Oil prices post biggest weekly gain in two months on Red Sea disruption fears

Angola’s departure from Opec will have limited impact on crude market, analysts say

The Kaombo Norte floating oil platform off the coast of Angola. The country produces about 1.1 million barrels of oil per day. Reuters
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Oil prices rose on Friday and posted the biggest weekly gain since October due to fears about Red Sea supply disruptions, although Angola's departure from Opec is likely to have a limited impact on the market, analysts said.

Brent, the benchmark for two thirds of the world's oil, edged down 0.40 per cent to settle at $79.07 a barrel. West Texas Intermediate, the gauge that tracks US crude, closed down 0.45 per cent at $73.56 a barrel.

Oil prices tumbled on Thursday, with Brent falling by as much as 2.4 per cent before cutting some losses and settling 0.39 per cent lower at $79.39 a barrel. WTI closed down 0.44 per cent at $73.89 a barrel.

Angola, Africa’s second-largest oil producer, announced on Thursday that it was leaving the oil producer’s alliance, following a dispute over production quotas.

“We feel that at the moment Angola does not gain anything by remaining in the organisation and, in defence of its interests, it has decided to leave,” Diamantino Azevedo, Angola's Minister of Mineral Resources, Petroleum and Gas, was quoted as saying by local media.

Angola, which joined Opec in 2007, produces about 1.1 million barrels of oil per day, compared with Opec's production of about 28 million bpd.

The country’s exit will reduce Opec's membership to 12 countries and its crude oil production to about 27 million bpd, or some 27 per cent of the global oil market.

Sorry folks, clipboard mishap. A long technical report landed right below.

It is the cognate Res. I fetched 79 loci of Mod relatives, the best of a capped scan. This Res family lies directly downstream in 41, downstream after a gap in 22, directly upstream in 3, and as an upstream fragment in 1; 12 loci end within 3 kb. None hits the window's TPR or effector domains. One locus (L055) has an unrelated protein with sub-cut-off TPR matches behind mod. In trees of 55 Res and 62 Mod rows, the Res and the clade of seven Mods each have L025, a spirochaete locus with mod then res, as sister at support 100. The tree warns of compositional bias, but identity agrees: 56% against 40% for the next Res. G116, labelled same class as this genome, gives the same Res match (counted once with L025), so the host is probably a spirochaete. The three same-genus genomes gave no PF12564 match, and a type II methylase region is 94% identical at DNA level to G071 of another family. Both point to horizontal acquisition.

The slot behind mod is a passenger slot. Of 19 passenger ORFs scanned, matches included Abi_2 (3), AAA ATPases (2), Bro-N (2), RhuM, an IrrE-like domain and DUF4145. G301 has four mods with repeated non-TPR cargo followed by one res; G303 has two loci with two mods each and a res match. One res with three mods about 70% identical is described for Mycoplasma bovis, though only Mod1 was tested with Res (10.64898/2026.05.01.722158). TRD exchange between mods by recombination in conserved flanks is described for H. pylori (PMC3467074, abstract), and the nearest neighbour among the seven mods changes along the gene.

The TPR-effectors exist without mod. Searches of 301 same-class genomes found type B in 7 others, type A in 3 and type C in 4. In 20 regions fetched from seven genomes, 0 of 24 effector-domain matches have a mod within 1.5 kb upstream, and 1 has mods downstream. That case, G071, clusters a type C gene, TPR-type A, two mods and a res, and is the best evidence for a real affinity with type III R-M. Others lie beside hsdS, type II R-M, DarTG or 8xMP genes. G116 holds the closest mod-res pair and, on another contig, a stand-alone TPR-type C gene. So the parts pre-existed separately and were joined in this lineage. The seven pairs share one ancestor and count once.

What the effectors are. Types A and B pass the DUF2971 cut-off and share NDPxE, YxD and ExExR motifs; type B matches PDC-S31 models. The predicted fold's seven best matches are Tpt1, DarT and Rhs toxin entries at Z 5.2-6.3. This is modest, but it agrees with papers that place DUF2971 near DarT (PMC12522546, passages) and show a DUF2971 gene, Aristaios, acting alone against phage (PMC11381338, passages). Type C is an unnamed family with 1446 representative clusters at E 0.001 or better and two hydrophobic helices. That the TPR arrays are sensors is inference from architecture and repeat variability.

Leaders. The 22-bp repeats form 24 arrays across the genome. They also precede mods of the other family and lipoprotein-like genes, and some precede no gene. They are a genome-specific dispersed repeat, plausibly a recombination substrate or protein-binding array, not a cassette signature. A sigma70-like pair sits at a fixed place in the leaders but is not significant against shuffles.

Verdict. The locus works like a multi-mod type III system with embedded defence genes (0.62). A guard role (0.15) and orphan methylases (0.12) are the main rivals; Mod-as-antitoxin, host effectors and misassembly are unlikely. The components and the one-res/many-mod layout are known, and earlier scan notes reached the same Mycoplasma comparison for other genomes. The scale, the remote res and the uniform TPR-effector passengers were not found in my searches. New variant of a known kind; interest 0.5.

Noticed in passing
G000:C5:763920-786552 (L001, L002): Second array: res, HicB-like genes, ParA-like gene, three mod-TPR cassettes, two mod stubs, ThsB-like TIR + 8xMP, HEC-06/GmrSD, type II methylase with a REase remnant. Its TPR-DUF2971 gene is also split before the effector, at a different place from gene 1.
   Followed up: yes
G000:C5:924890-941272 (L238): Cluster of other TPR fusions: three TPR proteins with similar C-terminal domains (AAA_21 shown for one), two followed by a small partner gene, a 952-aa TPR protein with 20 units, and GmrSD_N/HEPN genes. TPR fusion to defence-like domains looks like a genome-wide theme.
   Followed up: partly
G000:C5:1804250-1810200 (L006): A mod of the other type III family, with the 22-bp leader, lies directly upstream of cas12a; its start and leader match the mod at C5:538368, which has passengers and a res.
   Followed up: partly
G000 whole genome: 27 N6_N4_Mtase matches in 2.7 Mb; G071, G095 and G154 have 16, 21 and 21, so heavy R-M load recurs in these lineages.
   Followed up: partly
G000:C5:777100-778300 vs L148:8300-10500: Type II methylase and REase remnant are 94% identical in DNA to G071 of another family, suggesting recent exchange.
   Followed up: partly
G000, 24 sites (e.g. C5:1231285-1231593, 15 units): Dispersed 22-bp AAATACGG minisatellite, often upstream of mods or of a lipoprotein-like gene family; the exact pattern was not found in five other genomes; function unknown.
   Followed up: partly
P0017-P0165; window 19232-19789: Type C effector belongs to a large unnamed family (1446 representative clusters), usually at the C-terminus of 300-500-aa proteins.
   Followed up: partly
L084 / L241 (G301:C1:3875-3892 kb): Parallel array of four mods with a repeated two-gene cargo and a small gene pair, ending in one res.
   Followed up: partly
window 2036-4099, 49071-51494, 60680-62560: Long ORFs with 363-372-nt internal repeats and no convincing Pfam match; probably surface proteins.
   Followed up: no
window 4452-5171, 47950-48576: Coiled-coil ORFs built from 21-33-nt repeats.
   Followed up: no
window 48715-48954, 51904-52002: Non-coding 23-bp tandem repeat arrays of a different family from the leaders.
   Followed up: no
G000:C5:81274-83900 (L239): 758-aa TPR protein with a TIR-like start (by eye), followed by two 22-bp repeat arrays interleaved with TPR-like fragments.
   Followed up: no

Last month, Angola was given a target of sticking to 1.11 million bpd of output in 2024.

“Angola’s departure from Opec is the result of a long disagreement over the quantum of crude oil that it can produce,” said Ehsan Khoman, head of commodities, ESG and emerging markets research at MUFG.

“The country is mired with wide fiscal and external imbalances and underline the government’s resolute vigour in maximising output.

“The challenge remains on reversing the years of underinvestment that have resulted in around 40 per cent production declines in 2008.”

Angola’s departure may result in greater flexibility among the remaining Opec members regarding their production levels next year, analysts said.

However, it may also raise speculation about the possibility of additional countries leaving the group.

The African country’s decision will likely have “limited” impact on oil markets, said Edward Bell, head of market economics at Emirates NBD.

“While the major producers in Opec+ have all committed to deepening or extending their production cuts into the first quarter, compliance among those members will be key to have an effect on oil market balances.”

Brent is down nearly 4 per cent since Opec+ members announced voluntary output cuts of 2.2 million bpd on November 30.

Saudi Arabia, the group’s largest producer, extended its voluntary cut of 1 million bpd until the end of March next year.

“If there is weak compliance and oil prices are at risk of dropping further, then some sort of enforcement mechanism may need to be introduced and risk the integrity of the producers’ alliance,” Mr Bell said.

Mr Bell’s view was echoed by UBS strategist Giovanni Staunovo.

“From an oil market supply perspective, the impact [of Angola's exit] is minimal as oil production in Angola was on a downwards trend,” Mr Staunovo said.

Prices fell on Thursday on concerns regarding Opec+ unity, but there is no indication that more heavyweights within the alliance intend to follow Angola’s path, he said.

Meanwhile, Germany's Hapag-Lloyd and Hong Kong's OOCL have joined a growing list of major shipping companies that have said they would avoid the Red Sea, in response to attacks on shipping by Yemeni Houthi rebels.

Hapag-Lloyd will reroute 25 ships by the end of the year from the key waterway as freight rates and shipping stocks have increased because of the disruption, Reuters reported earlier on Friday.

About 12 per cent of the seaborne oil trade and 8 per cent of liquefied natural gas pass through Bab Al Mandeb, the strait at the southern edge of the Red Sea.

Updated: December 24, 2023, 5:39 AM